Seeing the Forest Despite the Trees: Large Scale Spatial-Temporal Decision Making  

By Mark Crowley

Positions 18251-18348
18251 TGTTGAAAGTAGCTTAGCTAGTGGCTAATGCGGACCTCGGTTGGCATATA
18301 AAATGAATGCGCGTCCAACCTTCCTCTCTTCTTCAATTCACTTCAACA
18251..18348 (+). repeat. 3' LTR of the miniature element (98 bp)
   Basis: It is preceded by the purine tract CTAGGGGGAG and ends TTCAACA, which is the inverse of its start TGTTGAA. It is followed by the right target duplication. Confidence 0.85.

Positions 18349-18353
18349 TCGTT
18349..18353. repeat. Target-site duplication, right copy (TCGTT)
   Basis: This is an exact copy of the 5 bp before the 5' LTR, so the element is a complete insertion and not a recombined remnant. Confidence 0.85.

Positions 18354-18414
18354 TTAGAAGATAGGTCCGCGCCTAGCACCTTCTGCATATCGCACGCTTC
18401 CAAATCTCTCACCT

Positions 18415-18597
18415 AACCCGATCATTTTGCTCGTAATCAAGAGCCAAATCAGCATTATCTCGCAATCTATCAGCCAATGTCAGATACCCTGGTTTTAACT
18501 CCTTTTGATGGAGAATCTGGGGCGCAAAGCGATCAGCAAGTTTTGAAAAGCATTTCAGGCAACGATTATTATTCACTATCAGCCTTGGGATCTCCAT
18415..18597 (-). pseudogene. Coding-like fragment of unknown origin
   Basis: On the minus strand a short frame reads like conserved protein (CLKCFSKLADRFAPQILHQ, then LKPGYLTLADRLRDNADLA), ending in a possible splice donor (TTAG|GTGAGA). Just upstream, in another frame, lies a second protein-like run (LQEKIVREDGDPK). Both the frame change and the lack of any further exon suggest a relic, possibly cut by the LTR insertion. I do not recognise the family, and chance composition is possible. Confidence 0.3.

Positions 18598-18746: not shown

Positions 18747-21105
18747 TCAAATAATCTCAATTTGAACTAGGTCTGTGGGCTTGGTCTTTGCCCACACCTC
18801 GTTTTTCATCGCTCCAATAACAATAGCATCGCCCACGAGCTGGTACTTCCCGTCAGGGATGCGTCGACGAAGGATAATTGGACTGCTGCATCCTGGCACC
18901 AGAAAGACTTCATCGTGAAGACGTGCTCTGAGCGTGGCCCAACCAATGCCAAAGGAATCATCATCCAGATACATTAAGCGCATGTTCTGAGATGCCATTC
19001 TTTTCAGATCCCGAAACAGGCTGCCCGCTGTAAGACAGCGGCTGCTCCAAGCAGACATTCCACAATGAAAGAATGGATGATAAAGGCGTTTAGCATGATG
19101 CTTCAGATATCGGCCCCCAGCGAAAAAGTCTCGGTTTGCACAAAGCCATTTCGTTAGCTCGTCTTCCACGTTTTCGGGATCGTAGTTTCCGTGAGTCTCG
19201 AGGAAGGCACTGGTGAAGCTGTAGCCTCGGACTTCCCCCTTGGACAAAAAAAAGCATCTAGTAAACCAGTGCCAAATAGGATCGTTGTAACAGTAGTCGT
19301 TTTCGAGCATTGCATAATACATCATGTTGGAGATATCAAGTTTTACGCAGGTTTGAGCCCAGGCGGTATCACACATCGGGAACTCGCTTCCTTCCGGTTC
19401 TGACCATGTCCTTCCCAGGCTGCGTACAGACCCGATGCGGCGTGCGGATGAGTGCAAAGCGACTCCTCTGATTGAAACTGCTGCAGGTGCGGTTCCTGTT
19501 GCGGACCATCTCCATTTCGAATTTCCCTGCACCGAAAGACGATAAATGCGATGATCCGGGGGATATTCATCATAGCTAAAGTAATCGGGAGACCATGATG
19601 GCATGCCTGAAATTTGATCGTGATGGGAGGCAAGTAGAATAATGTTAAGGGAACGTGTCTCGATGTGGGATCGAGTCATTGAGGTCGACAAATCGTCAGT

We introduce a challenging real-world planning problem where actions must be taken at each location in a spatial area at each point in time.  We use forestry planning as the motivating application. In Large Scale Spatial-Temporal (LSST) planning problems, the state and action spaces are defined as the cross-products of many local state and action spaces spread over a large spatial area such as a city or forest. These problems possess state uncertainty, have complex utility functions involving spatial constraints and we generally must rely on simulations rather than a explicit transition model. We present a policy gradient algorithm with an abstract policy formulation that exploits the structure of LSST problems to make useful abstractions.  We compare this policy formulation with a more elementary policy that does not use LSST structure. We show that the abstract policy is more robust and achieves higher rewards with far fewer parameters than the elementary policy.  This abstract policy is a better fit to the properties that practitioners in LSST problem domains require for such methods to be widely useful.

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